For the past century, driving has been a rite of passage marking teenagers’ independence and the fast approach of adulthood. Soon, this rite of passage will be a thing of the past. And most of the blame will be due to driverless cars. Acquiring a car will no longer be a considerable event signifying maturity, along with the many current milestones involving the freedom of driving, even if it’s just from Pasco to Richland or from home to the store.

Right now, 15-year-olds are eager to begin driver’s education classes, where they spend hours learning safety and the rules of the road. However, when the family car becomes a driverless car, teens may begin “driving” at even earlier ages, and won’t have to count down the days until their 16th birthday and the upgrade from a learner’s permit to a state license. Once driverless cars are commonplace, teens will no longer be peppering social media accounts with posts of their first car and announcements of their newfound autonomy. And after they begin driving, new teen drivers won’t have to wait until their “six months are up” – the legal amount of time to wait to drive passengers, other than immediate family members – so they can buckle up with a carload of their friends, going to dinner, a party, or local concerts.

Frequently, these teenage road trips end in a disastrous crash. Passengers, smartphones, and loud music prove to be substantial distractions even for the experienced driver. As was discussed in a previous post, statistics from 2015 show that nearly 3,000 teens in the United States were killed in accidents, with more than 200,000 injured, usually with a teenager at fault. And in 2013, the cost of treating injuries from teen collisions was a whopping $10 million.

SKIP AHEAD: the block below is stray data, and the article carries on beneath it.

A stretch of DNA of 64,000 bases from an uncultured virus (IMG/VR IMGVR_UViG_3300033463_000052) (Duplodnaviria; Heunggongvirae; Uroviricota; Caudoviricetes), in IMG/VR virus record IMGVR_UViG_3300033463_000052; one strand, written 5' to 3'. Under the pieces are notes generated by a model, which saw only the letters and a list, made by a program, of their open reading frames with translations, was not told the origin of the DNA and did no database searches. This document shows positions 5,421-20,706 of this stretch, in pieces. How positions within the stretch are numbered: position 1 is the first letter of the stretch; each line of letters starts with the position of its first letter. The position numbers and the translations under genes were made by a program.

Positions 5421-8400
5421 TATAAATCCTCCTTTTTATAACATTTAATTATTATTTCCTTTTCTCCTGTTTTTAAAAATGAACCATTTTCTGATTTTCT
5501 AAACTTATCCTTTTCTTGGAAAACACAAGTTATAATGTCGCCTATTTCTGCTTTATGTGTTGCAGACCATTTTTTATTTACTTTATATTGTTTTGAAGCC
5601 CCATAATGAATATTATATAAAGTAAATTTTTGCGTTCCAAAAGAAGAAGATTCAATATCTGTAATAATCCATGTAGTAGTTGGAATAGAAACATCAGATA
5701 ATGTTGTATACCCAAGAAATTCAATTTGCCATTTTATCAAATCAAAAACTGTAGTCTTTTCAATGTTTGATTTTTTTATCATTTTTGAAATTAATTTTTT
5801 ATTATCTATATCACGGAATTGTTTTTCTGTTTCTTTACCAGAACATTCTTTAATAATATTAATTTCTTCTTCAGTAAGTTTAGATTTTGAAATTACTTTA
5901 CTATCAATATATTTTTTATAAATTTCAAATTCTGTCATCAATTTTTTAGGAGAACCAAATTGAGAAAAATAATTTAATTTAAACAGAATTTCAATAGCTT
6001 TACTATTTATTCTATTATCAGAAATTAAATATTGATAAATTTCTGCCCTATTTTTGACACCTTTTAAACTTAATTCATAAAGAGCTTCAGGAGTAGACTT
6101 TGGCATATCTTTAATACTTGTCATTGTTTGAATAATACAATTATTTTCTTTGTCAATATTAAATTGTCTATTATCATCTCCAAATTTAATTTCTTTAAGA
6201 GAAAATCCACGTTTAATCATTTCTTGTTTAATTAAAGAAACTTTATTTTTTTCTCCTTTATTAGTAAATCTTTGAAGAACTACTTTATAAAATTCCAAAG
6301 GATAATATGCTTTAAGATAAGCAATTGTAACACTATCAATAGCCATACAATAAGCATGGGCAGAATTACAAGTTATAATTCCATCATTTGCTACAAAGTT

Although teen culture may experience changes due to driverless cars, parents won’t have to worry about their children being in a car accident while driving. DUI’s, texting while driving, and having a fun night out with friends won’t often result in injury – or death – once driverless cars are the norm. However, until that happens and you or your teen has been injured in a collision, you may need an attorney. Call Anderson Law at our Kennewick office for a free consultation at 509-734-1345 or contact us via the web form submission above.


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